"After all, much of what was being said was lies, or at least evasions and interpretations. The business of the law was not the discovery of the truth, anyway, but the imposition of the power of the state upon its citizens." -- Donna Leon. A Question of Belief, p. 173
Throughout the Inspector Brunetti series, one theme is always the corruption and ineffectiveness of the government, both in Venice and in Italy in general. Brunetti's thoughts vary but he usually feels crushed by the impossibility of actual justice. However, he keeps on finding who is guilty in the many acts of criminal and antisocial behavior that he's forced to investigate. And meanwhile, he stops for coffee, little sandwiches called tramezzini, and the delicious Venetian cuisine made by his wife Paola.
In A Question of Belief, it's brutally hot summer in a Venice with almost no air conditioning, and Brunetti hopes to escape to the cool mountains. However, a murder interrupts the train voyage to his vacation, while Paola and his children continue to their destination. Thus he's on his own for food much of the time. Paola only makes one meal for him, and it sounds great: "prosciutto and figs and then pasta with fresh peppers and shrimp." (p. 65).
Even the take-out pizza Brunetti gets while she is gone sounds pretty good -- "pizza with hot sausage, ruccola, hot pepper, onion and artichokes." He took it home "and sat on the terrace and ate it while drinking two beers and reading Tacitus, the bleakness of whose vision of politics was the only thing he could tolerate in his current state." (p. 201).
Brunetti mysteries make good summer reading, though it's quite cool and pleasant here in Michigan this week. The descriptions of the sweltering heat in Venice made me feel hot anyway.
My other summer reading has been some historical fiction by Sujata Massey: several stories collected under the title India Gray. I admire this author's ability to create vivid characters in very remote conditions. Here, the character Perveen Mistry makes her first appearance as a student at Oxford just after World War I. She's called on to find a missing person, and enlists the support of her friend Alice, who also later appears in the other books in the series that are mainly set in India.
Another story in the collection is set in the 1920s during the British occupation of India, this one about an Ayah who cares for British children and contrasts their life with the painful plight of her own family. A story set during the end of World War II sees the situation from the point of view of an Anglo-Indian woman married to a British agent; it highlights the motives of the Indians who went over to the Japanese side because they thought it would hasten the liberation of India. Finally a very short story is a kind of fantasy about a very young woman who finds a way to defeat a tyrannical Taliban war lord.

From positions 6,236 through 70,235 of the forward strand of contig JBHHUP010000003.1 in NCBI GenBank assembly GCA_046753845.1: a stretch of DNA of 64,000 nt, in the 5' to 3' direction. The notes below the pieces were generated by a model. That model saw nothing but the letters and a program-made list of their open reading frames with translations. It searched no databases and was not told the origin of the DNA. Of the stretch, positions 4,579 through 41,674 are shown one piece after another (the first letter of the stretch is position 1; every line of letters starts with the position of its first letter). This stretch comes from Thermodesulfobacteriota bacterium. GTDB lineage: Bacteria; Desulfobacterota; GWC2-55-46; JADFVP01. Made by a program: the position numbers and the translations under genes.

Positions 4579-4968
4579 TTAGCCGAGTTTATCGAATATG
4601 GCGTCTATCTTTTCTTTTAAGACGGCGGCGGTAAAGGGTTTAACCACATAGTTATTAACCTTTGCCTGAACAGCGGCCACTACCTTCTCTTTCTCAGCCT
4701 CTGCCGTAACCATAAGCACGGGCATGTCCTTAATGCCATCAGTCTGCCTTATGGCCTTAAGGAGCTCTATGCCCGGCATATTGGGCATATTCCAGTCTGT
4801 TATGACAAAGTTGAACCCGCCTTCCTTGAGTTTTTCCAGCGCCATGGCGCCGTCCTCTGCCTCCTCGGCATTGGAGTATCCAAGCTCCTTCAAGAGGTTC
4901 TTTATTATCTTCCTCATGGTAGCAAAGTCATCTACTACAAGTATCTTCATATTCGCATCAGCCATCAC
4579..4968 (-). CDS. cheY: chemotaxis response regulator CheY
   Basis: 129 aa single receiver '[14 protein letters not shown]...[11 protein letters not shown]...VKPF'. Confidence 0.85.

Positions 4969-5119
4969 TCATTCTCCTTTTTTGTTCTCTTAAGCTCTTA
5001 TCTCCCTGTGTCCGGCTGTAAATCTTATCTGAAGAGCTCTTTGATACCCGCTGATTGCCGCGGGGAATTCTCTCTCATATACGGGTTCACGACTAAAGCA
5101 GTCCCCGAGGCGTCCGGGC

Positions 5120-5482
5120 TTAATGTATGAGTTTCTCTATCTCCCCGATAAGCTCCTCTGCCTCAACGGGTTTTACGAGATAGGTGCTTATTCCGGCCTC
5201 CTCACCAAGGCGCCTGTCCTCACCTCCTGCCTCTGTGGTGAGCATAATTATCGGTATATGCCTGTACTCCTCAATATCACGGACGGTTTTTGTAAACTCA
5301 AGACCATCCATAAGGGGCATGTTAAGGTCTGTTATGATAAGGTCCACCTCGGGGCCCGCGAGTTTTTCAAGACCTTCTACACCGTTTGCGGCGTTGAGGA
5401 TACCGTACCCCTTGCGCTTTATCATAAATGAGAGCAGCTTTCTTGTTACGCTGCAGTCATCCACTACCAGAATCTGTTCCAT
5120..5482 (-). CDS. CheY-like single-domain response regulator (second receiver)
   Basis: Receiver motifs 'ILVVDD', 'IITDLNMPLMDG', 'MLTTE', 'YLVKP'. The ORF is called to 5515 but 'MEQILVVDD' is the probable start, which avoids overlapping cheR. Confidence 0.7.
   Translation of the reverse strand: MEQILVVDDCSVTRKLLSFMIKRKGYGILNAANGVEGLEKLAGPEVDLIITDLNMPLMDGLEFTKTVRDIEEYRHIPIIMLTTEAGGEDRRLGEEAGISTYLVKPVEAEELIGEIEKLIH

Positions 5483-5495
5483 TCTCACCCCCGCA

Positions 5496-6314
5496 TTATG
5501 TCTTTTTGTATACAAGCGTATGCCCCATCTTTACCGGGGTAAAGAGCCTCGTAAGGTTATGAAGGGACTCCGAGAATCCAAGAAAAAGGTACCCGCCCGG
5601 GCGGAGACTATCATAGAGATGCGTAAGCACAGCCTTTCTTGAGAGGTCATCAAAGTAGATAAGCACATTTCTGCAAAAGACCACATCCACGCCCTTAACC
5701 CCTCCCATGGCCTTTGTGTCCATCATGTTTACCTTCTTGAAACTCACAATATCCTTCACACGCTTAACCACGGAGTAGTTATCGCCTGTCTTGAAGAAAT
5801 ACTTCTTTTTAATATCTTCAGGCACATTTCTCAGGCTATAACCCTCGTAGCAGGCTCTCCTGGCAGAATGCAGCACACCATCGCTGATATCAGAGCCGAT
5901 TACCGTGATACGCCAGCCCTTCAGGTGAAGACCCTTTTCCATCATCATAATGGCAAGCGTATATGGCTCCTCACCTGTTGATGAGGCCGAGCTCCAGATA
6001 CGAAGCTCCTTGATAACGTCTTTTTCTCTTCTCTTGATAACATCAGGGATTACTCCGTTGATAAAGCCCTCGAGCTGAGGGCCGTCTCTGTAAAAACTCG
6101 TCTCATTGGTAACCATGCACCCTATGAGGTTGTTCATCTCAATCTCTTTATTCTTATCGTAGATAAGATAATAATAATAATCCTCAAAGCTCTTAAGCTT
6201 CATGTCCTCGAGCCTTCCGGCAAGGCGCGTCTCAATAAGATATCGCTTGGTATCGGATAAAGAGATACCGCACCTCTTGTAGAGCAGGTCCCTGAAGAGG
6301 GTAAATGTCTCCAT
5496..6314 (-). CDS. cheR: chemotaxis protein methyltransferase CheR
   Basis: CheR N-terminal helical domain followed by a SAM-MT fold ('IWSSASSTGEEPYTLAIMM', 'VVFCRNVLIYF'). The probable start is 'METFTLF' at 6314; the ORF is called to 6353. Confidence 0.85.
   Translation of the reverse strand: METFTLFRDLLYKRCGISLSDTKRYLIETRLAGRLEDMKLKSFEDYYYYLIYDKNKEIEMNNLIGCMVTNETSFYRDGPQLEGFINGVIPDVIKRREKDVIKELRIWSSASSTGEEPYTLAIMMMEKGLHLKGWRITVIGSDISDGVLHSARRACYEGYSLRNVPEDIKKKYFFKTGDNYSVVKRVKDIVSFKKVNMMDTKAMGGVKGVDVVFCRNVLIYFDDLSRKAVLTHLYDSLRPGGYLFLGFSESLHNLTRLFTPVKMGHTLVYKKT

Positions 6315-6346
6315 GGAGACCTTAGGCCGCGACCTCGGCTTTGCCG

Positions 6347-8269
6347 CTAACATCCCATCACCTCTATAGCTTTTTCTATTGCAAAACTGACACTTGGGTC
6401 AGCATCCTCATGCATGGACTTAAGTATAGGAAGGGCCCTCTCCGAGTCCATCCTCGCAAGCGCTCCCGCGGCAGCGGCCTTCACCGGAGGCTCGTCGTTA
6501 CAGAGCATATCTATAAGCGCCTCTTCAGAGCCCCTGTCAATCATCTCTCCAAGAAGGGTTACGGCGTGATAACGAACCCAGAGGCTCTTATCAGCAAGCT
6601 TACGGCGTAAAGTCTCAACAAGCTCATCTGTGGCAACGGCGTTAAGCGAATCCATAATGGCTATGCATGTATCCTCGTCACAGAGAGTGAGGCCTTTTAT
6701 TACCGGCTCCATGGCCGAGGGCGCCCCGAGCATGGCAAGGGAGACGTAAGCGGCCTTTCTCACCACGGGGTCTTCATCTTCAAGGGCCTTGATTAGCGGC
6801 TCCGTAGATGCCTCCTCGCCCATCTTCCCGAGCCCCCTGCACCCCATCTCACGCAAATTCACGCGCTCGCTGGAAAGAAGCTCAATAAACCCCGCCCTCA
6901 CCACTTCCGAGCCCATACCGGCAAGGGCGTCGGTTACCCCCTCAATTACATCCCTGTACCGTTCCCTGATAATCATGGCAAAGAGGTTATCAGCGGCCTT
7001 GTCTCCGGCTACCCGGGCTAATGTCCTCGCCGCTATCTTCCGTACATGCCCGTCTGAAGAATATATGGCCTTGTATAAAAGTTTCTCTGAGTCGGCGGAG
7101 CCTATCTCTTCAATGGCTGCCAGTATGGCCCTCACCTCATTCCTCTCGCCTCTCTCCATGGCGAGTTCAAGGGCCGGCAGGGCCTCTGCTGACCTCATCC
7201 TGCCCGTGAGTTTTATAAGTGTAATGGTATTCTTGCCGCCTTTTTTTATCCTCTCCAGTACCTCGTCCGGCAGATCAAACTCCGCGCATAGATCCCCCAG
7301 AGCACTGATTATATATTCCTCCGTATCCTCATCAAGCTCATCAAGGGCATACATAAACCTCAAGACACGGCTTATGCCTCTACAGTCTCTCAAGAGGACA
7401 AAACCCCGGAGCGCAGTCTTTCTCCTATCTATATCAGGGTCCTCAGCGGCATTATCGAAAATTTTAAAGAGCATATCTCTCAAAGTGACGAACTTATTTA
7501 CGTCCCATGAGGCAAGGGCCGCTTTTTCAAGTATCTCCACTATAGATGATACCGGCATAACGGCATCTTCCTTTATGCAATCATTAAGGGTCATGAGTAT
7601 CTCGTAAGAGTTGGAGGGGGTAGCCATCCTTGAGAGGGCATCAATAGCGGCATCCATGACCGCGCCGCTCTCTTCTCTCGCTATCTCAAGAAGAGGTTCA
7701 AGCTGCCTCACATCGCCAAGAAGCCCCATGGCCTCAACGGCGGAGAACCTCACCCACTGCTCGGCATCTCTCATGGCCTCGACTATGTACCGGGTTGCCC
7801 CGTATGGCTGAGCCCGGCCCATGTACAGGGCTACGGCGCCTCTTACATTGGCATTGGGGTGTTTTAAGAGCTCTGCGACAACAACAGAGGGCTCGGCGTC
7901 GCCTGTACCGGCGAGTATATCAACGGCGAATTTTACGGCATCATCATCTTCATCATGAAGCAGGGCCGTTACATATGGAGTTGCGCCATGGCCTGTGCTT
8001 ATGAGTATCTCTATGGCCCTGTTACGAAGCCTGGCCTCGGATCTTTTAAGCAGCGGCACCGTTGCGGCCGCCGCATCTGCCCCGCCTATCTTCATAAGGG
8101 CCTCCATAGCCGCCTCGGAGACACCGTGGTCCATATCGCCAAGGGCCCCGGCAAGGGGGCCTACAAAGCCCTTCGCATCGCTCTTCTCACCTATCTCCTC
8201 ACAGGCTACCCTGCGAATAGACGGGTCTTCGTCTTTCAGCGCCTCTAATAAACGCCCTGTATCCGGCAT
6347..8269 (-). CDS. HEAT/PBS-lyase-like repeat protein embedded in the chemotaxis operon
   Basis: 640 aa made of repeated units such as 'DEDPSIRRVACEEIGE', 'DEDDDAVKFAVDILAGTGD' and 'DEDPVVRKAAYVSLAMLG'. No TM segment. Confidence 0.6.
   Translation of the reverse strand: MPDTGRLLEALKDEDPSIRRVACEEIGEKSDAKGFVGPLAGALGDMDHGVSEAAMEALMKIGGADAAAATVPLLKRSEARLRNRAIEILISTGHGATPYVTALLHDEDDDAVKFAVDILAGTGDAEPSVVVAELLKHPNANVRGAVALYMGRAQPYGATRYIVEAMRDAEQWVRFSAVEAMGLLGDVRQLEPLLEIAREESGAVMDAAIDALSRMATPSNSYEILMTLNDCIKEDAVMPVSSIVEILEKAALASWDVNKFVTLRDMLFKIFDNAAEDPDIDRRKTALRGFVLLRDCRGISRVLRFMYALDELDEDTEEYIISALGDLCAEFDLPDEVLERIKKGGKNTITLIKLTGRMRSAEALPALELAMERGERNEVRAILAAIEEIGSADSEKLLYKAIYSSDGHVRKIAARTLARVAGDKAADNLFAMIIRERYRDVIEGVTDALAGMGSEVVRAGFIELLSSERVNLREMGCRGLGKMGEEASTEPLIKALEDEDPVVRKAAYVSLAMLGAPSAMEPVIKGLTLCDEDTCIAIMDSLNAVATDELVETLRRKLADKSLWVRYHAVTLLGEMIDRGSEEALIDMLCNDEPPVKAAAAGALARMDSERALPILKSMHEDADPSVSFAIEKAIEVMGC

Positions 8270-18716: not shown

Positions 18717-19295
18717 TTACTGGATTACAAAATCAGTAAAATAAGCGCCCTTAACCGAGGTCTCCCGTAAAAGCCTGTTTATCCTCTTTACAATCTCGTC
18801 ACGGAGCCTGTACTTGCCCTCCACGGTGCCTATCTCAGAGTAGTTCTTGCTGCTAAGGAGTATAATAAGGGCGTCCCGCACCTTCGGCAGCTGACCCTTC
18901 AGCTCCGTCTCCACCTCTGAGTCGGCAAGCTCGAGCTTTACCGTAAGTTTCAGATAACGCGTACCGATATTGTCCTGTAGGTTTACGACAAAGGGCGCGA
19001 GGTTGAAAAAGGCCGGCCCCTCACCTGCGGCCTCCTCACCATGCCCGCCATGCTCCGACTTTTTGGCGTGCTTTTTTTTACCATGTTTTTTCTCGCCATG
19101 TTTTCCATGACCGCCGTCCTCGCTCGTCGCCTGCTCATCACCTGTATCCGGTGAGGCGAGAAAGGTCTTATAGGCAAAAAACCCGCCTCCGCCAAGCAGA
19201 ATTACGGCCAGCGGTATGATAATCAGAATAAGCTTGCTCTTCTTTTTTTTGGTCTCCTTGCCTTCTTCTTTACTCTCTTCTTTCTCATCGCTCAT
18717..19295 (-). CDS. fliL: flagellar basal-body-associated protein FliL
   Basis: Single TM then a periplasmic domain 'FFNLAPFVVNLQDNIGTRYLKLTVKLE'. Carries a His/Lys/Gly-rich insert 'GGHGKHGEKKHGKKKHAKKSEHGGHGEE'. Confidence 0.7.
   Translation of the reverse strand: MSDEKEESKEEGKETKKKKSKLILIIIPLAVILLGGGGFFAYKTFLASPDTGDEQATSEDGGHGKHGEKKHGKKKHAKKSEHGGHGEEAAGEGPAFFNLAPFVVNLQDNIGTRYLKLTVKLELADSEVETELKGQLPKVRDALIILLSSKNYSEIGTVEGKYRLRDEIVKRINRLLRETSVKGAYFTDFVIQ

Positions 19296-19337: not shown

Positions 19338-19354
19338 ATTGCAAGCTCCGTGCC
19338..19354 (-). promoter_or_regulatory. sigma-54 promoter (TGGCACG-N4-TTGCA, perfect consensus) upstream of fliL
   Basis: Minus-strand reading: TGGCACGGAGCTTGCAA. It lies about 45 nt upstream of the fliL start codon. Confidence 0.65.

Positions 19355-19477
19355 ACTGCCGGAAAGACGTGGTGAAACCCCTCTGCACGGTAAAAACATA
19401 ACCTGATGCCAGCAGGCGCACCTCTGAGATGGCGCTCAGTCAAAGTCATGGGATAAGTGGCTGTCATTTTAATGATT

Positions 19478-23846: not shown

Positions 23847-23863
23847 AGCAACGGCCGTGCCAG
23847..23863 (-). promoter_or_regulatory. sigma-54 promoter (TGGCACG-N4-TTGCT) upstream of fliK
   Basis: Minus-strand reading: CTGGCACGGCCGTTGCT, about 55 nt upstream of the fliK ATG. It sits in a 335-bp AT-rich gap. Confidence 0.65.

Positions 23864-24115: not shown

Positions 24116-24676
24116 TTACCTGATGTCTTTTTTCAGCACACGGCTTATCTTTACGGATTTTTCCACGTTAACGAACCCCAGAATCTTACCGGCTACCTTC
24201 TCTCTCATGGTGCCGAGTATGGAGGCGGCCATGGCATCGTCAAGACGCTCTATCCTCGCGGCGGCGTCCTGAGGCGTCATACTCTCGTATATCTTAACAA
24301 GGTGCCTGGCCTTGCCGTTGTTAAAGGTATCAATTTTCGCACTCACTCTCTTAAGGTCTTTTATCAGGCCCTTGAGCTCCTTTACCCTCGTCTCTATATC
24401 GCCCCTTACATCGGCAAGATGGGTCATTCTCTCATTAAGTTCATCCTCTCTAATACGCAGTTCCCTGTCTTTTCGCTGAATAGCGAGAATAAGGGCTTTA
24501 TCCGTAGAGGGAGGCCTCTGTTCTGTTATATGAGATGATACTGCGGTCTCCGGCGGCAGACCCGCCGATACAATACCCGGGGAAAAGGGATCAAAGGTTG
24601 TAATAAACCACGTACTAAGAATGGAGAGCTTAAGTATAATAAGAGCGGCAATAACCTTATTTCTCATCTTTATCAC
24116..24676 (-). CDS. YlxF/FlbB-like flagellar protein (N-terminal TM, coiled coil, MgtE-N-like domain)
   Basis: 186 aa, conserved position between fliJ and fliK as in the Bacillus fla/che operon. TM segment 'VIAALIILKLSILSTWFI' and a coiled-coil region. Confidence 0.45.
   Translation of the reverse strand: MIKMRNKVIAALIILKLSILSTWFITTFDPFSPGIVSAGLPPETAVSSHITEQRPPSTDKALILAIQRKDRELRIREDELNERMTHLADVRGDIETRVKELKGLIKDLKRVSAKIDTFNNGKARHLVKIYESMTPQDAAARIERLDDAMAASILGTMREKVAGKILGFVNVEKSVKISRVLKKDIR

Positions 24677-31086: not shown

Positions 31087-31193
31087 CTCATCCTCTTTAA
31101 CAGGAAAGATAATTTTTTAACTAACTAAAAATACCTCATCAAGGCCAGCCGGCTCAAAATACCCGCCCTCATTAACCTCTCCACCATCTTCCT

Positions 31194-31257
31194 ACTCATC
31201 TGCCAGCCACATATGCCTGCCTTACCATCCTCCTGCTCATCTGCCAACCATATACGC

I enjoyed these stories, especially the character Perveen Mistry's view of food in Oxford such as "the almond and jam confection known as a Bakewell tart" and "a large pink-and-white-checked Battenberg cake, as well as a similarly sized Victoria sponge," (p. 31, 34) There's also "mulligatawny, the uniquely British concoction of chicken, flour, apples and curry powder," which she liked "better than the mutton soup that was served at least once a week." (pp. 51-52).
The stories in India Gray presented a little bit of history of several places from a point of view that I have never really thought about, especially the view of the colonial British from the point of view of Indian people. The stories aren't just local color, though, they are well-plotted and the characters are developed in an interesting way. I think I'll be continuing with more Sujata Massey's books, of which I've read several before.
Review © 2021 mae sander.